Dr. Carol Anderson, Samuel Candler Dobbs professor and chair of African American Studies here at Emory, recently authored a piece in The Conversation titled “The long and troubled racial past of Mizzou.” Professor Anderson’s article draws on her experience as a professor at the University of Missouri (1996-2008), along with her research and teaching expertise on public policy and the ways that domestic and international policies intersect through the issues of race, justice and equality in the United States.
The Emory News Center recently published a profile of a research project co-led by Jeffrey Lesser, Samuel Candler Dobbs Professor History. Lesser and research partner Uriel Kitron, Goodrich C. White Professor and Chair of the Department of Environmental Sciences, are examining “how the dynamics of human migration, disease transmission and access to health care have impacted a vibrant immigrant neighborhood in São Paulo, Brazil — one of the world’s largest megalopolises.” Check out the full article here.
Dr. Mark Ravina recently authored a post on Digital Humanities Now titled “Smooth and Rough on the Highways of France.” Named an “Editor’s Choice,” the post examines how quantitative methods, in this case data visualization, can assist in posing new historical questions. Below is an excerpt from the article, which can be found in full here.
One way to conceptualize this complementarity [between social science and humanistic methods] is John Tukey’s observation that “data = smooth + rough,” or, in more common parlance, quantitative analysis seeks to separate patterns and outliers. In a traditional social science perspective, the focus is on the “smooth,” or the formal model, and the corresponding ability to make broad generalizations. Historians, by contrast, often write acclaimed books and articles on the “rough,” single exceptional cases. These approaches are superficially opposite, but there is an underlying symbiosis: we need to find the pattern before we can find the outliers.
Brett Gadsden, Associate Professor of African American Studies and History at Emory, recently joined best-selling novelist Greg Iles and Emory colleague Hank Klibanoff for a panel at the AJC Decatur Book Festival on cold cases from the Civil Rights era. Professor Gadsden teaches a course that involves undergraduates investigating cold cases in Georgia. The Christian Science Monitor published a feature on the panel and the work of the three panelists. The article can be found here.
Tom Rogers, Associate Professor of Modern Latin American History, spent the summer of 2015 conducting research in Southeastern Brazil. Rogers’ inquiry spanned from research in secret police and labor court archives to oral histories with local union leaders. The project examines agricultural transformation in late-twentieth-century Brazil with a particular focus on the nation’s 1975 National Alcohol Program that encouraged ethanol production from sugarcane. The Office of the Provost recently profiled Rogers’ research and teaching, which typify Emory’s teacher-scholar model and “focused international activity in Emory’s global strategies.” The article can be read in full here or by clicking on the image below.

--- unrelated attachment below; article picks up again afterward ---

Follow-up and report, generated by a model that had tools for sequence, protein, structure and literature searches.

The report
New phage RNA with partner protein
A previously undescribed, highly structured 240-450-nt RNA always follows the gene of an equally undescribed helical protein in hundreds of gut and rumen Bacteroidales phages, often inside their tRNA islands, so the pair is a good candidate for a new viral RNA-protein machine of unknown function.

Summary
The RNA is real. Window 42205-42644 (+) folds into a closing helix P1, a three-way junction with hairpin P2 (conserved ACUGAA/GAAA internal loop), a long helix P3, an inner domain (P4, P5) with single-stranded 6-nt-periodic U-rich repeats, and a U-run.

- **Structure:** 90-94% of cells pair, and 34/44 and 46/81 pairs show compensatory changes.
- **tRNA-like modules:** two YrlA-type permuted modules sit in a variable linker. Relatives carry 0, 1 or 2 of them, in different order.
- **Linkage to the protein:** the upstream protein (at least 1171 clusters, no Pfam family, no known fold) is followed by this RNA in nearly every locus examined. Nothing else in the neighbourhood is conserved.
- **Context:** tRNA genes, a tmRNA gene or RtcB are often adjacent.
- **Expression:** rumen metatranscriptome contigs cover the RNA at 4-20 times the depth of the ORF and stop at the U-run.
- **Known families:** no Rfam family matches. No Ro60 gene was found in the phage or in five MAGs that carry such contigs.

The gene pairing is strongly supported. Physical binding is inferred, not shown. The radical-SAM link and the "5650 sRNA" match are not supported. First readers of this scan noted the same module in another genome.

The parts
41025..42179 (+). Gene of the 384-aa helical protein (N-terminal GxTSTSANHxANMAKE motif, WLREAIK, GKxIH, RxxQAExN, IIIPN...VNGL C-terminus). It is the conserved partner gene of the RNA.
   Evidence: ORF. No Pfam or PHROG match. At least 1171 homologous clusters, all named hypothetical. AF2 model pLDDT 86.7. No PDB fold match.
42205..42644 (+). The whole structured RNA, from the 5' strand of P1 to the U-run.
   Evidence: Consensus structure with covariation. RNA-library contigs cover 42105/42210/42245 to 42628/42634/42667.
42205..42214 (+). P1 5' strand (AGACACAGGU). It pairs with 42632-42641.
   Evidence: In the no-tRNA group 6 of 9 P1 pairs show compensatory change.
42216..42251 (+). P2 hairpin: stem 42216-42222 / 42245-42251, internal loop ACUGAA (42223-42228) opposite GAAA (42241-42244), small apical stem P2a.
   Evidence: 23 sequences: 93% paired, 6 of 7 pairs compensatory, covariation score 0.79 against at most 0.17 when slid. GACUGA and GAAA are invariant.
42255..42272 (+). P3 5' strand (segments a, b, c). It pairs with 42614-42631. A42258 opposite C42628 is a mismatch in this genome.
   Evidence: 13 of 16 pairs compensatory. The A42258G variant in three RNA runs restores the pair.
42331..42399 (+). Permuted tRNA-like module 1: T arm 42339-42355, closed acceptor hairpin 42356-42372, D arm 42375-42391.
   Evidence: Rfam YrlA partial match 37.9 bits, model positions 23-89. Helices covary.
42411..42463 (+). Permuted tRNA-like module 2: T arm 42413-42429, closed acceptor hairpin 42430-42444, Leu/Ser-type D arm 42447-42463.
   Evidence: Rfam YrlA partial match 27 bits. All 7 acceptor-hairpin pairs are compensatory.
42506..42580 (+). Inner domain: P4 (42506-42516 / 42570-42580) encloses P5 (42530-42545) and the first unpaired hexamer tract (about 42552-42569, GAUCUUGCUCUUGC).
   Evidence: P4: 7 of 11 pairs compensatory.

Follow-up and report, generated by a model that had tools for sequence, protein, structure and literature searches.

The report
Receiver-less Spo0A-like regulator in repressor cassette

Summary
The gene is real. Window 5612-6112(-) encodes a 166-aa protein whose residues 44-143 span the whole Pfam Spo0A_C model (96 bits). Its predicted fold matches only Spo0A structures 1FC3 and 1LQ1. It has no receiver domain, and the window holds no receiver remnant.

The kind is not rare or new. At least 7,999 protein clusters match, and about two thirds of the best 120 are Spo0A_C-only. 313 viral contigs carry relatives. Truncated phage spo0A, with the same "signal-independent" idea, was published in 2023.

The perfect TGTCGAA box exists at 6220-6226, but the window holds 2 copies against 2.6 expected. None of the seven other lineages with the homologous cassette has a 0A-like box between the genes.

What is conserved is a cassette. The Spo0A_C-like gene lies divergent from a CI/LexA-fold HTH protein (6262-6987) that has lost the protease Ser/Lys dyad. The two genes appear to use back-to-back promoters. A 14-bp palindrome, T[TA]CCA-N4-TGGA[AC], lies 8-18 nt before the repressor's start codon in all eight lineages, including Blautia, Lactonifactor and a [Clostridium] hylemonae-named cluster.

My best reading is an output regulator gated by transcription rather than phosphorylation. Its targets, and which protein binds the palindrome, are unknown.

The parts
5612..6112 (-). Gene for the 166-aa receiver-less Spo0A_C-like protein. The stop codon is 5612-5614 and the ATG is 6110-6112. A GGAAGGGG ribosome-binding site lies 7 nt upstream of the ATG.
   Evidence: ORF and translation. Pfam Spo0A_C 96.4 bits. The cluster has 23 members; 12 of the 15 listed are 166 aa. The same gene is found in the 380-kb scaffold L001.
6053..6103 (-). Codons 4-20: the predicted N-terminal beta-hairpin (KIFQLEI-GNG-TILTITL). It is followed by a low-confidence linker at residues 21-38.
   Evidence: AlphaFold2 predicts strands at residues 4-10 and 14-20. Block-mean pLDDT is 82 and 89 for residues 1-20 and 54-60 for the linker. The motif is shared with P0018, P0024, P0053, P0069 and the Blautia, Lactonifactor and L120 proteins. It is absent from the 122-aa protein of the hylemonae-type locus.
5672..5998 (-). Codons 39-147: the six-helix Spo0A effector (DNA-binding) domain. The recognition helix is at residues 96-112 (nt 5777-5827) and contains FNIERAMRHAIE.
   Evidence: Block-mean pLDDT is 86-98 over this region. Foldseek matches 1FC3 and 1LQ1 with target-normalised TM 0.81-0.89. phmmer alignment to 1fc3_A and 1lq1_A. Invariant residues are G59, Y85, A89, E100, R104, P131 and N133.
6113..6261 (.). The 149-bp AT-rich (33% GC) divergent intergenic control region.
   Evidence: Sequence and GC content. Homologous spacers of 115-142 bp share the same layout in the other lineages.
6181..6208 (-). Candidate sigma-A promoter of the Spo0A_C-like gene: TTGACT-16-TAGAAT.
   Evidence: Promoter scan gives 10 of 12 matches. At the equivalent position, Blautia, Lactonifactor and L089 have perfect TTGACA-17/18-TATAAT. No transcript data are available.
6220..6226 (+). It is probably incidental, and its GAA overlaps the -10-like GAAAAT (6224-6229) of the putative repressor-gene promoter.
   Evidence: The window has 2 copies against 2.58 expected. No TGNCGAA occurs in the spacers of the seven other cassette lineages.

The Trans-Atlantic Slave Trade database, accessible at slavevoyages.com, received a Digital Humanities Implementation grant from the National Endowment for the Humanities (NEH) this year. The international project is lead by Robert W. Woodruff Professor of History Emeritus David Eltis, who teamed up with co-editors at the Emory Center for Digital Scholarship to enhance the website through funds provided by the NEH. The Voyages project was recently featured on the news page for the Office of the Provost at Emory. You can read the full article here or by clicking on the image below.
Dr. Elena Conis, Assistant Professor of History, will present at the Decatur Book Festival on Saturday, September 5 from 4:15-5:00pm. Dr. Conis will discuss her most recent book, Vaccine Nation: America’s Changing Relationship with Immunization, at the Marriott Conference Center A. Here is a brief description about the talk and Dr. Conis’ book:
With employers offering free flu shots and pharmacies expanding into one-stop shops to prevent everything from shingles to tetanus, vaccines are everywhere. The past fifty years have witnessed an enormous upsurge in vaccines and immunization in the United States: American children now receive more vaccines than any previous generation, and laws requiring their immunization against a litany of diseases are standard. Yet, while vaccination rates have soared and cases of preventable infections have plummeted, an increasingly vocal cross section of Americans have questioned the safety and necessity of vaccines. In Vaccine Nation, Elena Conis explores this complicated history and its consequences for personal and public health.